Hypothyroidism and the risk of breast cancer recurrence and all-cause mortality - A Danish population-based study

Anne Mette Falstie-Jensen*, Anders Kjærsgaard, Ebbe Laugaard Lorenzen, Jeanette Dupont Jensen, Kristin Valborg Reinertsen, Olaf M. Dekkers, Marianne Ewertz, Deirdre P. Cronin-Fenton

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Abstrakt

Background: Hypothyroidism may occur as a late effect of breast cancer-directed treatment, particularly after radiotherapy, but little is known whether hypothyroidism affects the prognosis after breast cancer. We investigated the association between hypothyroidism and breast cancer recurrence, and all-cause mortality. Methods: In this population-based cohort study, we used national medical registries to identify all Danish women 35 years or older diagnosed with stage I-III, operable breast cancer between 1996 and 2009. Hypothyroidism was defined as hospital diagnoses ascertained via diagnostic codes, or as prescriptions for levothyroxine. Two analytic models were used: (i) hypothyroidism present at the time of the breast cancer diagnosis (prevalent) and (ii) hypothyroidism diagnosed during follow-up as a time-varying exposure lagged by 1 year (incident). Breast cancer recurrence was defined as any local, regional, or distant recurrence or contralateral breast cancer. All-cause mortality included death from any cause in any setting. We used Cox regression models accounting for competing risks to compute adjusted hazard ratios (HRs) and 95% confidence intervals (CIs) of breast cancer recurrence and all-cause mortality. Results: The study cohort included 35,463 women with breast cancer with 212,641 person-years of follow-up. At diagnosis, 1272 women had hypothyroidism and 859 women developed hypothyroidism during follow-up. In total, 5810 patients developed recurrent breast cancer. Neither prevalent nor incident hypothyroidism was associated with breast cancer recurrence (adjusted HR prevalent 1.01, 95% CI 0.87-1.19; adjusted HR incident 0.93, 95% CI 0.75-1.16, respectively). Furthermore, no differences were seen for all-cause mortality for prevalent or incident hypothyroidism (adjusted HR prevalent 1.02, 95% CI 0.92-1.14, and HR incident 1.08, 95% CI 0.95-1.23, respectively). Stratification by menopausal status, oestrogen receptor status, chemotherapy, or radiotherapy did not alter the estimates. Conclusions: Hypothyroidism present at diagnosis or during follow-up was not associated with breast cancer recurrence or all-cause mortality in women with breast cancer. Our findings provide reassurance to patients and their physicians that hypothyroidism is unlikely to impact on the clinical course of breast cancer or survival.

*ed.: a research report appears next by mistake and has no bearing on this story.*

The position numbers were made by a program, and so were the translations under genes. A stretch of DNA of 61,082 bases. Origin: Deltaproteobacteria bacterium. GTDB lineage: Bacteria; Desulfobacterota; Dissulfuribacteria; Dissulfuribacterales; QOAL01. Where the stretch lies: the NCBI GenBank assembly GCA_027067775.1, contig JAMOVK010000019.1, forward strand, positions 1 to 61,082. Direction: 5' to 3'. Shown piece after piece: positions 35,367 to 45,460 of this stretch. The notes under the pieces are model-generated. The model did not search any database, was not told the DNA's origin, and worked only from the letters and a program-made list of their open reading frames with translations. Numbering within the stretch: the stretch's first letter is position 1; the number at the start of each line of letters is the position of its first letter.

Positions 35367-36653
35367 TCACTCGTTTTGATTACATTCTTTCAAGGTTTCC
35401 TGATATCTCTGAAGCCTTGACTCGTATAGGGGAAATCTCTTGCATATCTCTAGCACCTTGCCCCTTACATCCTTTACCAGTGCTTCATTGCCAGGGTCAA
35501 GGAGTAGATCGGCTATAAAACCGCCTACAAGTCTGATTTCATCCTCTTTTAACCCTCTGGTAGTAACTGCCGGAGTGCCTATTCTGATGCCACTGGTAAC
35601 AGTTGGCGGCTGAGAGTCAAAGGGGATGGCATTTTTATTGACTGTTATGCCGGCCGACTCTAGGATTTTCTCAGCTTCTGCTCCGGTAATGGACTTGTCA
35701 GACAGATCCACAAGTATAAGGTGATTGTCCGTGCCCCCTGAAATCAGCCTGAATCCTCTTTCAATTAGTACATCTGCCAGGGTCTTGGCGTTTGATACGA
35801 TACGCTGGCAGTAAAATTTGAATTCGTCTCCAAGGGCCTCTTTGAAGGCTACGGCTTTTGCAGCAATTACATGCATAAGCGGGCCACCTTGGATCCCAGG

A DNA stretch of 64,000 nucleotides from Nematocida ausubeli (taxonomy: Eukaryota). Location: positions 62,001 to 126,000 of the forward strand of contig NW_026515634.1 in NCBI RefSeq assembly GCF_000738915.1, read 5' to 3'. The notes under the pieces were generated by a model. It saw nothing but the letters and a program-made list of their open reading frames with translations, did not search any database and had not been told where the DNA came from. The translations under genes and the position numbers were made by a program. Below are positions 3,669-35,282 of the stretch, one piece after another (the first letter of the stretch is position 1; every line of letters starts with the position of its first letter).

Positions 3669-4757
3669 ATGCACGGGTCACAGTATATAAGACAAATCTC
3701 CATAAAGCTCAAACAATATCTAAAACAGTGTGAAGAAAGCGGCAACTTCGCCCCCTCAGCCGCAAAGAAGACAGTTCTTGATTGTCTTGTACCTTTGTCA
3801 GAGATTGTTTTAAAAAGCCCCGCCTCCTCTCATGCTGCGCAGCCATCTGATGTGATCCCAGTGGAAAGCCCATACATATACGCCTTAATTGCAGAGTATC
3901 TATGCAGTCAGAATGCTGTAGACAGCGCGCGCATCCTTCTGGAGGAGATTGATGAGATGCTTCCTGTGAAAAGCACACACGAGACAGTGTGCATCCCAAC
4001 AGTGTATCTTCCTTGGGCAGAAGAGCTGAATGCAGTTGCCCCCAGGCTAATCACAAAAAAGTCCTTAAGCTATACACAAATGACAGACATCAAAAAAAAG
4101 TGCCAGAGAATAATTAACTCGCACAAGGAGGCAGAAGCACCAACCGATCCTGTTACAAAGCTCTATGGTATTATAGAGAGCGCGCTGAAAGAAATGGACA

OriginalsprogEngelsk
Artikelnummer44
TidsskriftBreast Cancer Research
Vol/bind21
Antal sider11
ISSN1465-5411
DOI
StatusUdgivet - 22. mar. 2019

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